Spring Statement set for 13 March 2019

29th January 2019

The Chancellor of the Exchequer, Philip Hammond, will deliver his Spring Statement on Wednesday 13 March 2019, just 16 days before Brexit on 29 March 2019.

It will also be just 18 days before the start of Making Tax Digital for VAT purposes.

In recent years the main Budget has moved to the autumn, rather than the Spring, so Mr Hammond may not be planning to announce any changes to tax and spending - but with Brexit just days later there may be some surprises from the Chancellor.

The last main Budget was held on 29 October 2018.

If the UK leaves the EU without a deal in place, the Chancellor will need to hold an emergency Budget in April to boost spending and retain confidence in the economy.

Finance Bill

The current finance bill, first published on 7 November 2018, is still making its way through Parliament and is expected to become law in February 2019.

Is austerity over?

Last year the Prime Minister famously declared that austerity was over, but we didn't see much evidence of that in the Budget, apart from an extra £20bn promised for the NHS.

The Financial Times has reported that the planned cut in corporation tax from 19% to 17% in April 2020 will cost the exchequer some £12bn by 2022, according to estimates from HM Revenue & Customs. The Chancellor may instead choose to keep this back for Brexit contingencies and departmental spending.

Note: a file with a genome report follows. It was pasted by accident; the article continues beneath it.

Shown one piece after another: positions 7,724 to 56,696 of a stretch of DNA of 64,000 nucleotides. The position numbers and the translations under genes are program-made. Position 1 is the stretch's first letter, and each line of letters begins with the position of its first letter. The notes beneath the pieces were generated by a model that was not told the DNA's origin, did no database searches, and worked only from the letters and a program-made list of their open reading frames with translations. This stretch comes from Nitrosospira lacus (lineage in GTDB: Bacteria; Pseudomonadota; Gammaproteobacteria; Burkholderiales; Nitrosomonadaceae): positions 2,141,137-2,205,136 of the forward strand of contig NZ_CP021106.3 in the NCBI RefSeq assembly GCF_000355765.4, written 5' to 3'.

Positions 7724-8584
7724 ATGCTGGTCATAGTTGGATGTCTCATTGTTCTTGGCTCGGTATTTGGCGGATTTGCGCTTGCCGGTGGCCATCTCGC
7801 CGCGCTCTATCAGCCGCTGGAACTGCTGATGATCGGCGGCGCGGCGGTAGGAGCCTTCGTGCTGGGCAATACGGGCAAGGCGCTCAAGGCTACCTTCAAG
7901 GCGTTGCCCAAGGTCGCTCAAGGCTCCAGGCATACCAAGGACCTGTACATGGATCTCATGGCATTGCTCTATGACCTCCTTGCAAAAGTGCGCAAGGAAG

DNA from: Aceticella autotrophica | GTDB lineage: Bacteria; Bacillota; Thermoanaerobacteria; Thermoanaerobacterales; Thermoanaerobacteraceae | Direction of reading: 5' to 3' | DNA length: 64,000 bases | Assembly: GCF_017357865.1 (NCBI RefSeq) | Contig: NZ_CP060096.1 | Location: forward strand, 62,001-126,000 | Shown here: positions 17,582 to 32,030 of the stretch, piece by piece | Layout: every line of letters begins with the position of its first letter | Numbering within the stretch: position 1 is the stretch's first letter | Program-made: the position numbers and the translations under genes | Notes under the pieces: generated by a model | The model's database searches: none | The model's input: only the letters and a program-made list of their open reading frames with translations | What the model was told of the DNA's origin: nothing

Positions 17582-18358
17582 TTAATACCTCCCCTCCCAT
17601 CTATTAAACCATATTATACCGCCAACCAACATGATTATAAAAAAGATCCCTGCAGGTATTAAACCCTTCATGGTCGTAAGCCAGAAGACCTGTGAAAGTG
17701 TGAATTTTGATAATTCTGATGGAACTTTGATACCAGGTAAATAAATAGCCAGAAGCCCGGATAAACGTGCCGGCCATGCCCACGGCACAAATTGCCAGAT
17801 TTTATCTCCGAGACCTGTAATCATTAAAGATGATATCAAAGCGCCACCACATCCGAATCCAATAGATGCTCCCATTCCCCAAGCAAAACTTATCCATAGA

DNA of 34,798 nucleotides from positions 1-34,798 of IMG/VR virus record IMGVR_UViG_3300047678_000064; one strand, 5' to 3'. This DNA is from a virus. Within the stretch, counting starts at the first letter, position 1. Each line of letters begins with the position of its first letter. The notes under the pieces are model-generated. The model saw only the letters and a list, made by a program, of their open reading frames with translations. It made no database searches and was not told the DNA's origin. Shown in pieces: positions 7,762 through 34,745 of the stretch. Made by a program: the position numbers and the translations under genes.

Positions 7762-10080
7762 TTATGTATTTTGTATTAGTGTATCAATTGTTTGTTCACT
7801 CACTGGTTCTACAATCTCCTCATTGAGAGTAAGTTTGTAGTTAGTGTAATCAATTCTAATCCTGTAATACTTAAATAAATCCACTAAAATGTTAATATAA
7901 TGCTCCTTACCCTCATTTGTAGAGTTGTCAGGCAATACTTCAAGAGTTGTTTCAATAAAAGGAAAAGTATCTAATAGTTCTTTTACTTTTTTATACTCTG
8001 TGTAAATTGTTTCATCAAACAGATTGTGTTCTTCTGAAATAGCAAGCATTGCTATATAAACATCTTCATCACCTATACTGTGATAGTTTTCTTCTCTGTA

Starting in April 2019 there is an expected Spending Review for government departments and the Chancellor may have something to say about that.

Business rates reform?

He may also raise the prospect of the long-overdue reform of the business rates system, particularly as the Treasury Select Committee have launched a review of whether it should be scrapped in favour of a different system of taxation.

IR35 roll out consultation

Another issue is the expected consultation on off-payroll working. From April 2020, medium and large private sector organisations will be responsible for assessing the employment status of any contractor who provides their services through a Personal Service Company or intermediary. If the contractor is deemed to be inside IR35, PAYE and employees’ and employers’ NICs will have to be deducted at source by the relevant fee payer.

As this is an extension of the IR35 rules, the obligations to correctly operate PAYE and account for NICs will fall on the engaging company in most circumstances. The rules will apply to all engagements that are in place on or after 6 April 2020 in medium and large organisations. Small companies will be exempt, and the forthcoming consultation should set out the detailed proposals and exemptions.

 

Brexit uncertainty

It is by no means clear that the current Brexit uncertainty will be resolved by the date of the Spring Statement, so Philip Hammond may wish to retain a very tight lid on public finances until Brexit is clear.

Bishop Fleming will be covering the Spring Statement and will analyse its contents and its effects on taxpayers.

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